One way to stay motivated in our fitness routines is to measure fat loss. When we measure any aspect of our performance or progress this helps quantify and visualize the fruits of our labor. Most of us usually just measure our weight and while this is a good habit, it doesn’t always reflect our hard work. We can measure our hard work in calories burned above and beyond those calories that we consume. It’s these “calories” of stored body fat that we will ultimately be burning. And one way to see this progress is to measure fat loss in a way that we can see it.
While body fat has a bad reputation because most of us would like to see less of it…it’s actually a fascinating and quite incredible element. Our bodies can store energy in the form of body fat from any excess calories that we eat. And body fat is a very efficient and clean form of energy for our bodies. The problem with body fat is that when we have too much it can impede our ability to perform other functions, and our health can deteriorate over time by these impacts. When we carry a lot of extra body fat, we place additional strain on our joints, our organs, and our everyday movements. Obesity is having too much body fat, and unfortunately it has become an epidemic that is impacting much of our modern society.
When we lose weight, we are burning more energy than we are consuming. Each of us has a unique metabolism and we burn calories based on our age, weight and gender ( BMR ). We also burn additional calories from exercise . If these calories together (BMR + exercise) exceed what we eat ( food log ), than we’ll lose weight. If we eat more than we burn, than we’ll gain weight. And while the calculators on the preceding links provide approximate values, I’ve found that the hardest challenge is counting the calories that I eat. This is usually the root of the problem. By starting to honestly recording your eating habits, you’ll have a much easier time modifying and improving them. And after you get into a routine of counting calories, it’s time to measure fat loss…
If we want to measure fat loss in a way that we can visualize, we need to do a little scientific background (don’t worry…I’ll keep it short ;-). Body fat has a density that is close to that of water, which means that a glass of water and a glass of body fat would weigh approximately the same amount. That being said, a gallon (16 cups) weighs approximately 9 pounds, so each pound is equivalent to 1.75 cups. A pound of body fat stores 3,500 calories of energy. So for every 500 calories that you burn more than you eat, you’ll lose approximately ¼ cup of body fat!!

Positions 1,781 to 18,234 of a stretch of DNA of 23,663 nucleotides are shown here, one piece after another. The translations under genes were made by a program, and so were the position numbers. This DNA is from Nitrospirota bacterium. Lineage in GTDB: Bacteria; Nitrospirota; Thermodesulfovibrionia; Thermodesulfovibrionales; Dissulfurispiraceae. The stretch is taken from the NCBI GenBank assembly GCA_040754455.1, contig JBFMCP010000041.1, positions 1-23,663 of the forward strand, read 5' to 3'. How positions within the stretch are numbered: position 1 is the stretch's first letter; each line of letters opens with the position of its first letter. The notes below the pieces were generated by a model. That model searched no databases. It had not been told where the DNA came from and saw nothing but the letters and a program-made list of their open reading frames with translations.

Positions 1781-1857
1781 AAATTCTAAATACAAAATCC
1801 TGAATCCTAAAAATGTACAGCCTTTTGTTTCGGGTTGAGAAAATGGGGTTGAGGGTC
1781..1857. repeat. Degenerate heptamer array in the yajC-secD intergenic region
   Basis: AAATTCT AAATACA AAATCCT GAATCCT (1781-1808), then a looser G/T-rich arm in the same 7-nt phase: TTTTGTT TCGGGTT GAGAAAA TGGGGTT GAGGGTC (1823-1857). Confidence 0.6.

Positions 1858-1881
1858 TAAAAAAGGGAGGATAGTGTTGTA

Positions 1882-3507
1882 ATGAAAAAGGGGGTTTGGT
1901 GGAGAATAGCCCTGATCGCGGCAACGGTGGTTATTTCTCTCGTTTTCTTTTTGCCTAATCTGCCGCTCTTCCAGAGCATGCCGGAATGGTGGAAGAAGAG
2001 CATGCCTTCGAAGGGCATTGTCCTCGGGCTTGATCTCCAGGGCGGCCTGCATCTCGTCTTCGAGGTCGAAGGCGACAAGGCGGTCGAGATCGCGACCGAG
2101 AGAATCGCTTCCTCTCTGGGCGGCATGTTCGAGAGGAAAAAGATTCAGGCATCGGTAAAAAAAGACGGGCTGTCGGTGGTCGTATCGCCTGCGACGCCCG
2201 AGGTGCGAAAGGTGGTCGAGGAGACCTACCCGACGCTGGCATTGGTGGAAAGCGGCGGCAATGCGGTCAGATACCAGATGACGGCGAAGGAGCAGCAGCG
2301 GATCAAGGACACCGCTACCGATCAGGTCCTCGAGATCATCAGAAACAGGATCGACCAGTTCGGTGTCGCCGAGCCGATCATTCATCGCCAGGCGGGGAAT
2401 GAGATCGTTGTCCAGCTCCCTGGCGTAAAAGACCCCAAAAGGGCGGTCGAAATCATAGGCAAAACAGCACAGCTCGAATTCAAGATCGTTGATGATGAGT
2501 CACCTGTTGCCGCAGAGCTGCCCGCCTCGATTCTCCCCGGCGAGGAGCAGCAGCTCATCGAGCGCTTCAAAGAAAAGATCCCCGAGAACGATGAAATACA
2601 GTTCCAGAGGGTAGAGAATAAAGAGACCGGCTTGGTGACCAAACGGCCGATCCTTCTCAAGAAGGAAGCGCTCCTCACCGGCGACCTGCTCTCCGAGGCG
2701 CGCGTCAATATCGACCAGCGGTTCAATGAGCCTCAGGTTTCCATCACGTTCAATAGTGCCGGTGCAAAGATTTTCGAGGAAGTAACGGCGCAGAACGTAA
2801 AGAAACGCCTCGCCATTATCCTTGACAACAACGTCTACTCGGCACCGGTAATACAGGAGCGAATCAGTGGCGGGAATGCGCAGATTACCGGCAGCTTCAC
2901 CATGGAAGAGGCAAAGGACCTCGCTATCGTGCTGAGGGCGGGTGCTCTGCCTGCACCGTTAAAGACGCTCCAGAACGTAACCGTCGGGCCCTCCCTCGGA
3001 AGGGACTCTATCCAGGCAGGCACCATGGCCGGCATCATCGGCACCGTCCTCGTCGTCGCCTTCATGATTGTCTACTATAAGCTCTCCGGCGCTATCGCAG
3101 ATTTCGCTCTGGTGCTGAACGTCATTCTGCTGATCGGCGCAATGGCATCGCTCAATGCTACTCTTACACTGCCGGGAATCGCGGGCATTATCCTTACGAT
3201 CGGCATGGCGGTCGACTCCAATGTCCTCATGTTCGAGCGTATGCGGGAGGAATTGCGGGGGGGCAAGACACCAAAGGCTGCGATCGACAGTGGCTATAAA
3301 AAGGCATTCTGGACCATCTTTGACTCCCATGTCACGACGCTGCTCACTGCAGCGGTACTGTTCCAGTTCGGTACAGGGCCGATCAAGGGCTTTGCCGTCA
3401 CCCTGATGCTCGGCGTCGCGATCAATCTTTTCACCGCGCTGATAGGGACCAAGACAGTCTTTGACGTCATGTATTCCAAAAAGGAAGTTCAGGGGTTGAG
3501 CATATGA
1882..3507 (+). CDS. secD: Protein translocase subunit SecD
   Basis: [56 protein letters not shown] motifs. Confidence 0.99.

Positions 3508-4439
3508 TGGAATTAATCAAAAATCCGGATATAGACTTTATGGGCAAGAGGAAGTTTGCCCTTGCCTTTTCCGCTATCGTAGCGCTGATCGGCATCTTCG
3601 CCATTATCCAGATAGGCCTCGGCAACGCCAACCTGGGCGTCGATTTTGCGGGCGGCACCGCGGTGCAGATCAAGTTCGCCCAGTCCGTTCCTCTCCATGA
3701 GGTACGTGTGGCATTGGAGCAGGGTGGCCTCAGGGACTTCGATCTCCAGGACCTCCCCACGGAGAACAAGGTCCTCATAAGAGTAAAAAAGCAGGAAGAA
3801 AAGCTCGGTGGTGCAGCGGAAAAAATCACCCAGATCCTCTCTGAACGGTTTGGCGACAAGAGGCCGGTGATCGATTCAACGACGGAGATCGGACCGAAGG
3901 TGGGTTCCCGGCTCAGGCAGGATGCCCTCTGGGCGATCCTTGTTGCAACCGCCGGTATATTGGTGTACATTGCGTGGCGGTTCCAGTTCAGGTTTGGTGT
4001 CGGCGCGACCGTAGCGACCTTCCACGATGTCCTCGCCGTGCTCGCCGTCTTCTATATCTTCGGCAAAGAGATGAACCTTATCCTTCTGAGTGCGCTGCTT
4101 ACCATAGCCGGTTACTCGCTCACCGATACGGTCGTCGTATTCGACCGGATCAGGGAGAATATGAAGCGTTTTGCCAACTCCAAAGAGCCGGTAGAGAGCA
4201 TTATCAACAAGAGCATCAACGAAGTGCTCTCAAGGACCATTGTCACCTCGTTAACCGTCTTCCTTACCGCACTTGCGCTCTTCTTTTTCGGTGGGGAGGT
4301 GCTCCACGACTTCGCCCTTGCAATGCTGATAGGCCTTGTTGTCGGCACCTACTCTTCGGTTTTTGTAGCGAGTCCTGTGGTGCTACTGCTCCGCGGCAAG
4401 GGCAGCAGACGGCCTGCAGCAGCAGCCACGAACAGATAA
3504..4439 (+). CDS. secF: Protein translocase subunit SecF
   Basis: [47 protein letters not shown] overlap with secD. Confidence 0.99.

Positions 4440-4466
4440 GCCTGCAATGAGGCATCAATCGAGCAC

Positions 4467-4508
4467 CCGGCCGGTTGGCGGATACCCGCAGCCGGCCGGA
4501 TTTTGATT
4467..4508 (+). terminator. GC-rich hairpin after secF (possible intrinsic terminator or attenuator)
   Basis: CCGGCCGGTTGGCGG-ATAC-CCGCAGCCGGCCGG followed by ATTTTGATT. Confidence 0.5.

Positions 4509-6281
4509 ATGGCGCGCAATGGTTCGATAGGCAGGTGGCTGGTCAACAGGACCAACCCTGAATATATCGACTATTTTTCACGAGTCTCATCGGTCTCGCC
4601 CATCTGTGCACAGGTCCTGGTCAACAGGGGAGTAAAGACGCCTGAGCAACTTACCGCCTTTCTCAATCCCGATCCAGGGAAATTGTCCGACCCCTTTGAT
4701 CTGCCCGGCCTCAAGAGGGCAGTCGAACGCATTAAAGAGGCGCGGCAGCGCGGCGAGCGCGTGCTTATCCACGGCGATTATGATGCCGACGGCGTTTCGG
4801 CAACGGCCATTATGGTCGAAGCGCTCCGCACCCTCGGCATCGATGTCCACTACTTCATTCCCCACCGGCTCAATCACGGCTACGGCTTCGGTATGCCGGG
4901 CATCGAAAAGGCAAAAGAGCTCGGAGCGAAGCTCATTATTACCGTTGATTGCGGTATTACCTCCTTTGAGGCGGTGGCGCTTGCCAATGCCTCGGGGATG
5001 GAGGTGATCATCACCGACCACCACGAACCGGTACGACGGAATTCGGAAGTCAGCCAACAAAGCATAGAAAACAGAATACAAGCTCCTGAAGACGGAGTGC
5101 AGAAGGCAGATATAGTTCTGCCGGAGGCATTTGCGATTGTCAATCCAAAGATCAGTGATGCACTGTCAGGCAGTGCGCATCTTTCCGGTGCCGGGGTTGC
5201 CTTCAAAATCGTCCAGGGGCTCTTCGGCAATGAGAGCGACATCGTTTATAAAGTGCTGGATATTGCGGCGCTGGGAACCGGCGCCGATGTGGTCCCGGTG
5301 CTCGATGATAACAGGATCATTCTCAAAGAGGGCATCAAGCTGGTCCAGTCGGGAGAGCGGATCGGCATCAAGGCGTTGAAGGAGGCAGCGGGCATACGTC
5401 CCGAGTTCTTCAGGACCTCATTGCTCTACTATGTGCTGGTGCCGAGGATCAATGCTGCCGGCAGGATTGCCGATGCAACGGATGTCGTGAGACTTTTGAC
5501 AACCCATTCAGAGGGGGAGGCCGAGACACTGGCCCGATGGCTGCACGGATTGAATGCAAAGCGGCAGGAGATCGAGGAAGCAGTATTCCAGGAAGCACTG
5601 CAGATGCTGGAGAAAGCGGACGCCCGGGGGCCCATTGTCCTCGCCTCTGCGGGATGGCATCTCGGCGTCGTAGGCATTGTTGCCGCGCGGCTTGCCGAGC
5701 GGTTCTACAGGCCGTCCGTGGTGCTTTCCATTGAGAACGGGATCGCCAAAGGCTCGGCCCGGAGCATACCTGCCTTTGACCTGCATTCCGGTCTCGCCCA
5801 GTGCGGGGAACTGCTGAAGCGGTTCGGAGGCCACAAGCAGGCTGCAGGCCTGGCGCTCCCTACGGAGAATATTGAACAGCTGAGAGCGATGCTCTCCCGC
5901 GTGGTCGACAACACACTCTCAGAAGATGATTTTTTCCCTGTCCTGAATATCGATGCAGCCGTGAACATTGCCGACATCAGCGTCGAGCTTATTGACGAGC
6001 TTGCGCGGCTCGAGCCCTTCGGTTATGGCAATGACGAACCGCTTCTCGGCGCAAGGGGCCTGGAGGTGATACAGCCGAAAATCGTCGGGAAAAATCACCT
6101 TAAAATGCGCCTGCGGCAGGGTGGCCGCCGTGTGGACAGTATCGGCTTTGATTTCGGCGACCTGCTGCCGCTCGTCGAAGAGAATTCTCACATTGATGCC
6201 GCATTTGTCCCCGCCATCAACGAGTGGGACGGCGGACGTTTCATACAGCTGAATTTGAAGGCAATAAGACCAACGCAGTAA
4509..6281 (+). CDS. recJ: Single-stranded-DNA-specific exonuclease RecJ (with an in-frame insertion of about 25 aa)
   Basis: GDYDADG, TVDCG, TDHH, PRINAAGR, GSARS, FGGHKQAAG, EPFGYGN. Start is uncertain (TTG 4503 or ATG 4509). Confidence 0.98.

So why go through all of this effort?? Motivation! It feels great to measure fat loss and know that you’re getting trimmer. You’ll see short-term results quick and it’ll give you confidence to keep going. Clean out a 2-liter bottle or old milk carton and pour in ¼ cup of water into it for every 500 calories that you burn. The water represents fat that you no longer have to carry around…unsightly bulges…gone!!
When you measure fat loss, it also serves as a motivator not to have days where you have to pour water out of the jug when you eat more than you burn. If you fill up a gallon jug, congratulations…you just lost 9 pounds of body fat!! A full 2-liter bottle (pictured above) represents almost 5 pounds of body fat. Imagine the spring in your step of not having to carry that weight anymore! Imagine the sleeker figure that you’ll gain with that fat gone! It’s worth the hard work…measure it & you’ll see.
So as you go through your fitness plan and track your progress, try to measure fat loss as you go. The first few weeks and even months can be a very tough time to muster up the motivation to keep going. By visualizing the fat that you’re losing, you’ll be motivated to keep up the effort. If you maintain those calorie-burning habits over time, you’ll see the results in the mirror; you’ll get compliments from friends and family members; and you may just have to start buying a whole new wardrobe ;-). All of this comes with persistence, patience, and your continued dedication to ‘the cause’…yourself.